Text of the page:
Forest More Open – Canyon Still Closed
The Angeles National Forest is slowly opening after the Bobcat Fire, but the Big Santa Anita Canyon remains closed. The original order closed the Forest through this April, and there was hope that when it expired, the Canyon would re-open. And the U.S. Forest Service did open nearly 60% of the closed area, but extended the closure for the remaining 40% of the Forest through Spring 2023. You guessed it: the Camp and Canyon remain in the closed area.
It’s hard to make a positive case for public access to the Canyon at this time*. Spring weather continues to move the streambed around and knock trees down across the trails. Volunteers are engaged in a Sisyphean effort to clear deadfall and quickly scrape the trail on their way in, but the tread remains sharply rocky and unstable. Basically, the trail is still hazardous and just plain unwelcoming.
*And that’s ignoring the Chantry Road project; if the Canyon was opened before the Road is completed, hiking access would have to be from the Mt. Wilson side or Newcomb’s Pass).
Closed, Except to Flowers!
Given all the above conditions, the old days of a relatively smooth walk/hike in the mountains looking up into the trees is gone, at least for now. But it’s also true that the trail and hillsides are overwhelmed by tall bright green grasses and wildflowers concealing the trail, most of them between knee and hip-high; it’s like pushing through powder snow! Especially abundant are the blue Canterbury Bells—what used to be a nice annual scattering along south-facing hillsides is now a dense blanket of purple-blue.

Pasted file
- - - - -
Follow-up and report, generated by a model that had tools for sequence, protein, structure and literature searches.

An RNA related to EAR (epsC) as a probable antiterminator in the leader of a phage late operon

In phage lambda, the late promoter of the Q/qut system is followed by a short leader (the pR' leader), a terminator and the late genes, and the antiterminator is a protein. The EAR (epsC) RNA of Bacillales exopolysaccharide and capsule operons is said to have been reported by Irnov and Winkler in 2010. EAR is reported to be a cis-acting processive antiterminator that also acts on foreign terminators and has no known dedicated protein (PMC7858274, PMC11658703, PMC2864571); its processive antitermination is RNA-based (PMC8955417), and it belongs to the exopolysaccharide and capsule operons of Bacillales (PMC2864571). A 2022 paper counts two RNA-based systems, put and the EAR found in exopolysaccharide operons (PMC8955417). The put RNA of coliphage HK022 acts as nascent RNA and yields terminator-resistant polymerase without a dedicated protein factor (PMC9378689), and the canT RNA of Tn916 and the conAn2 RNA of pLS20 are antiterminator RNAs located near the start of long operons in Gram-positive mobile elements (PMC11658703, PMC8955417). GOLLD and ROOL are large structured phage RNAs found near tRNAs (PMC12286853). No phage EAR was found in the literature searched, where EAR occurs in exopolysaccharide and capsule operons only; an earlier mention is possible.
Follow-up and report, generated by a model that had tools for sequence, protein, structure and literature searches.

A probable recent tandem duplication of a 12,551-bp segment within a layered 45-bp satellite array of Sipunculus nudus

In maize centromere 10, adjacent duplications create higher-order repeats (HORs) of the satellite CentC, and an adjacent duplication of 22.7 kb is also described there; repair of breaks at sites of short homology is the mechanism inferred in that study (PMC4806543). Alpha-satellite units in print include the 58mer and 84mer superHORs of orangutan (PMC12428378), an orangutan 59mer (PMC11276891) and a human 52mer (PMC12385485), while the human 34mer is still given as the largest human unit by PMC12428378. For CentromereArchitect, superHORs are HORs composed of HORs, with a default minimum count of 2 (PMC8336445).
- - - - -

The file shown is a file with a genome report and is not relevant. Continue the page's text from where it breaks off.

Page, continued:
So, hiking into Camp isn’t without its rewards! Work is currently focused on clearing a few pinch points in the trail so a fully loaded Pack Train can come all the way through to Camp. The load going up will be cement-mix and parts for the water tanks; coming out will be the charred remains of Cabin-1 and the old tanks, plus accumulated broken junk that needs to go out.
To get in on the action while the flowers are still bright, go to sturtevantcamp.com/support
Back in the Cabin Again
Given the USFS guidelines for safety in the post-burn Canyon, no one has stayed in Camp since guests were evacuated for the Bobcat fire 20 months ago. But earlier this month, we ‘broke the fast’ and for a very timely reason: board member and Manager for Guests & Hospitality Teah Vaughn-Piscopo was the host who evacuated that group, and her first baby is due this July. She quite rightly wanted to spend a first and last “normal” night in Camp “Before I shift from carrying the baby inside to outside.”
Following the hiker’s safety rule of 3 minimum, fellow Board members Sarah Barron and Gary Keene hiked in with Teah for a very mixed 24 hours: originally scheduled for a Friday-Saturday that suddenly became insanely hot, they shifted forward just one day—and instead hiked in a cool drippy drizzle. A lovely dinner of Italian cuisine followed, then Teah slept in the Manager’s Cabin with a can of bear spray just in case Peggy the Bear decided to try her old trick of coming through the closet wall!
Instead, the wind howled all night, and the morning brought a clear and beautiful day for the hike out. But not before Teah finished her job of refitting the bear-damaged refrigerator doors in the Lodge kitchen! Thanks and congrats to Teah, we’ll keep everyone posted here about her birth-day.